Michael Brendan Dougherty says that the Fed has, under Bernanke, pursued an expansionist philosophy of letting asset prices rise and never trying to limit or deflate “bubbles.” This is a different one than it followed in the Paul Volcker era, when it allowed interest rates to spike in 1981 to stop the Great Inflation of the 70s.  What strikes me as odd is that Bernanke”s generation, and mine, have no personal memory of the Great Depression, but we do have a memory of the Great Inflation of the 70s.  I remember Nixon imposing price and wage controls in 1971 and within two years there was a shortage of a lot of items like toilet paper.  (And some of this was before the “oil shock” of “73-74.)  I remember the cover price of the major news magazines, Time and Newsweek (yes, in those days, they were still news magazines rather than cultural commentary) going from 25 cents to $2 in the space of a year.  And in “76-77 came the first housing bubble.  This was inspired by the fact that housing lenders, after 1974, had to honor the wife”s income alongside the husband”s, so two income people began to outbid one-income people for housing stock precisely at the moment my rather large generation was starting to get interested in buying houses anyway!  The Great Inflation had a number of cultural consequences.

1. It penalized thrift, at least if you kept your money in dollars, bank accounts, or bonds.  The money would buy a lot less later.  So my contemporaries got in the habit of buying things on credit to the greatest degree possible.  And companies tried not to have idle cash sitting around.  Yes, my generation the Boomers was already sort of self-indulgent, but this did not help.

2. It started to get a broader variety of people interested in investment portfolios.  If money is going to shrink in value, you have to make sure your portfolio is going to grow faster than the money shrinks just to keep up.  This may be the time that people began to be more and more concerned with “maximizing returns” and “maximizing shareholder returns.”  That mentality carried over into the 80s, and it began to be said (wrongly) that “maximizing shareholder return” was the sole or principal calling of a corporation. (Providing shareholder returns is certainly one of the callings of a corporation, but how about providing good widgets or good service to the society and creating jobs and livelihood?)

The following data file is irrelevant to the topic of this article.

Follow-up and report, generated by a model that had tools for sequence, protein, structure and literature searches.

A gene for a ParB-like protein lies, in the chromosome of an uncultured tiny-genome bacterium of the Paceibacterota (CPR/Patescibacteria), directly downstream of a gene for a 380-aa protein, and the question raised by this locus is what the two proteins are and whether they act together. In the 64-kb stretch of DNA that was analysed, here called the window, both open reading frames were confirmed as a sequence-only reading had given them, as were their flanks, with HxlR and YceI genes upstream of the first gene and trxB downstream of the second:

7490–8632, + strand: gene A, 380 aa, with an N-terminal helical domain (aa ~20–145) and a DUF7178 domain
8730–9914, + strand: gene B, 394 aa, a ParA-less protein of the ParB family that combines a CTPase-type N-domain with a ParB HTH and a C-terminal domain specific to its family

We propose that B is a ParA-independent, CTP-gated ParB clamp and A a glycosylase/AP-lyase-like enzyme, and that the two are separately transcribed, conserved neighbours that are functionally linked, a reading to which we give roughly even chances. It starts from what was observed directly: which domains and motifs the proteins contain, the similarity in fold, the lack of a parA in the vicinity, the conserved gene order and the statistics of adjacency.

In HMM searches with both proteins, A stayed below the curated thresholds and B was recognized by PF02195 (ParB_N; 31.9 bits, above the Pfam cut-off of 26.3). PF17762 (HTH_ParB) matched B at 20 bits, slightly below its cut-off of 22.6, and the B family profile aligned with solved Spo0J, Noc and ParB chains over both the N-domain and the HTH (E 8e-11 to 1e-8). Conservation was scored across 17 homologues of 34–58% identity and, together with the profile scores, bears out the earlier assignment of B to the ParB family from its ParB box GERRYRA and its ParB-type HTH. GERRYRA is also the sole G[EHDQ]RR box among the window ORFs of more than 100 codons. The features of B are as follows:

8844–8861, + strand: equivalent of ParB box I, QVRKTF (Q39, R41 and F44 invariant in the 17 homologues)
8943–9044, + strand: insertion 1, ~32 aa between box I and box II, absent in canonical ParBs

3. It spurred the hard-money survivalist movement, which arose on the fear that, if the money shrinks to nothing, what happens when the electricity and gas go off and trucks stop delivering food to the supermarkets?  (BTW an earthquake could accomplish this, though for a short time; and Katrina did. Extreme fragility of supply of necessities is an issue.)  Many non-Mormons began to follow or look very seriously at the Mormon tradition of keeping a year of stored food (not requiring refrigeration) in their garages. (Earthquake safety people recommend at least two weeks worth.)  Some “post-tribulational” evangelicals began to talk of how it might be to arrange one”s life so as never to have to buy or sell, for which one might in the future require the Mark of the Beast on one”s forehead.  (With all these passwords and security information, I”ve concluded that they were wrong; the Mark of the Beast will not be on our foreheads, but under them.)  The hard money survivalist movement had more to do with the return of the Right to the scene in the late 70s and early 80s than is now remembered.  And, in some ways, the Tea Party is their successor, though not precisely; the Tea Party does not worry much about fragility, and it doesn”t worry all that much about middle class entitlements like Medicare and Social Security either!

In short, without the Great Inflation, the Era of Reagan, Clinton, and the Bushes would have been quite different.

In response to: “Fed 2.0” by Michael Brendan Dougherty at The American Conservative

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